I think you vastly overestimate the impact this roadmap will produce. “Advanced/power” users and the developers of such addons that offer functionality not granted by other browsers, are few and far between .Firefox will continue to flourish, and indeed I believe will grow, for different reasons. These reasons being that it is the only browser that really cares about privacy, and the world is becoming more and more privacy concerned. I also think once the e10s and sandboxing and process per tab finally land, that will also be a boost. And then there is the servo/qauntum/rust whatever thingie – where I can see FF becoming the so-called fastest, most secure, most customisable, and most private mainstream browser.

      That said, don’t get me wrong. I think the handling and timing of the move to WE sucks a lot, and only time will tell just how much functionality is lost or restricted.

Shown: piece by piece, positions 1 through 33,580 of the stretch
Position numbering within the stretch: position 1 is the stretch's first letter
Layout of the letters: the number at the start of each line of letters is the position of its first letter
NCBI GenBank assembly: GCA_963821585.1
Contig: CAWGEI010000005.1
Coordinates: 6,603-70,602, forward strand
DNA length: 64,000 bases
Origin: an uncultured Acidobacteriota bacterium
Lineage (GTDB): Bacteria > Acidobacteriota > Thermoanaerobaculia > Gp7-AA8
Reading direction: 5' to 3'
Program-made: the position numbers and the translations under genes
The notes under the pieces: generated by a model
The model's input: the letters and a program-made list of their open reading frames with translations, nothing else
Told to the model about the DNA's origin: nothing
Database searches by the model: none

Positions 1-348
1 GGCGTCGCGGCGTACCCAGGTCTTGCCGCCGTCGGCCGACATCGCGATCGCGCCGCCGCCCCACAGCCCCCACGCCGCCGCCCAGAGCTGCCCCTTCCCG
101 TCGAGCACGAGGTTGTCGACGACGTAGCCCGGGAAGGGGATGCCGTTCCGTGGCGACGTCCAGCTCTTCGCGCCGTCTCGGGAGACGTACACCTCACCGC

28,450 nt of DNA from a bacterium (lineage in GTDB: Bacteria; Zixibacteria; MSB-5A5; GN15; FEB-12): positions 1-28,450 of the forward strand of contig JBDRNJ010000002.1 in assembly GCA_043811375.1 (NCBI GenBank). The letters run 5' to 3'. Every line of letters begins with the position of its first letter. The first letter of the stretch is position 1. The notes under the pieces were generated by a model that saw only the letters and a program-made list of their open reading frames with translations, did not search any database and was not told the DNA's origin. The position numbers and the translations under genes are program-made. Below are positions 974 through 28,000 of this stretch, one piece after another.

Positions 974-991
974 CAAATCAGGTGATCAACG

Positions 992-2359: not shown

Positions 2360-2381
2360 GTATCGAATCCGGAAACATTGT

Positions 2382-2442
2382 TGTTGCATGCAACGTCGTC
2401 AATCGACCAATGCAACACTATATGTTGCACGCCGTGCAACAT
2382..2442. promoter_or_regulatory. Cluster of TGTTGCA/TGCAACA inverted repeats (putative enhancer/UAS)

1. Anonymous said on February 18, 2017 at 9:36 am

        Probably another “only browser” chinese product at the end.

      2. Anonymous said on February 18, 2017 at 9:16 am

        @Pants: The only browser installed on my side is Pale Moon, others are portable. BY DEFAULT no Suggested Tiles based on your history, no hidden telemetry etc, with some buttons to toggle on/off some features like etc. The goal of Portable’s Browsers is for google’s things or few other sites thinking my browser is not “decent” like WeTransfert (yes some arrogant devs around that world). Why I was interested by this article? > the main reason was my insatiable curiosity, I like deadlines planned conscientiously, the other “the only browser” that shocked me, that’s all.

        JFI about history: (

      3. Pants said on February 18, 2017 at 6:34 am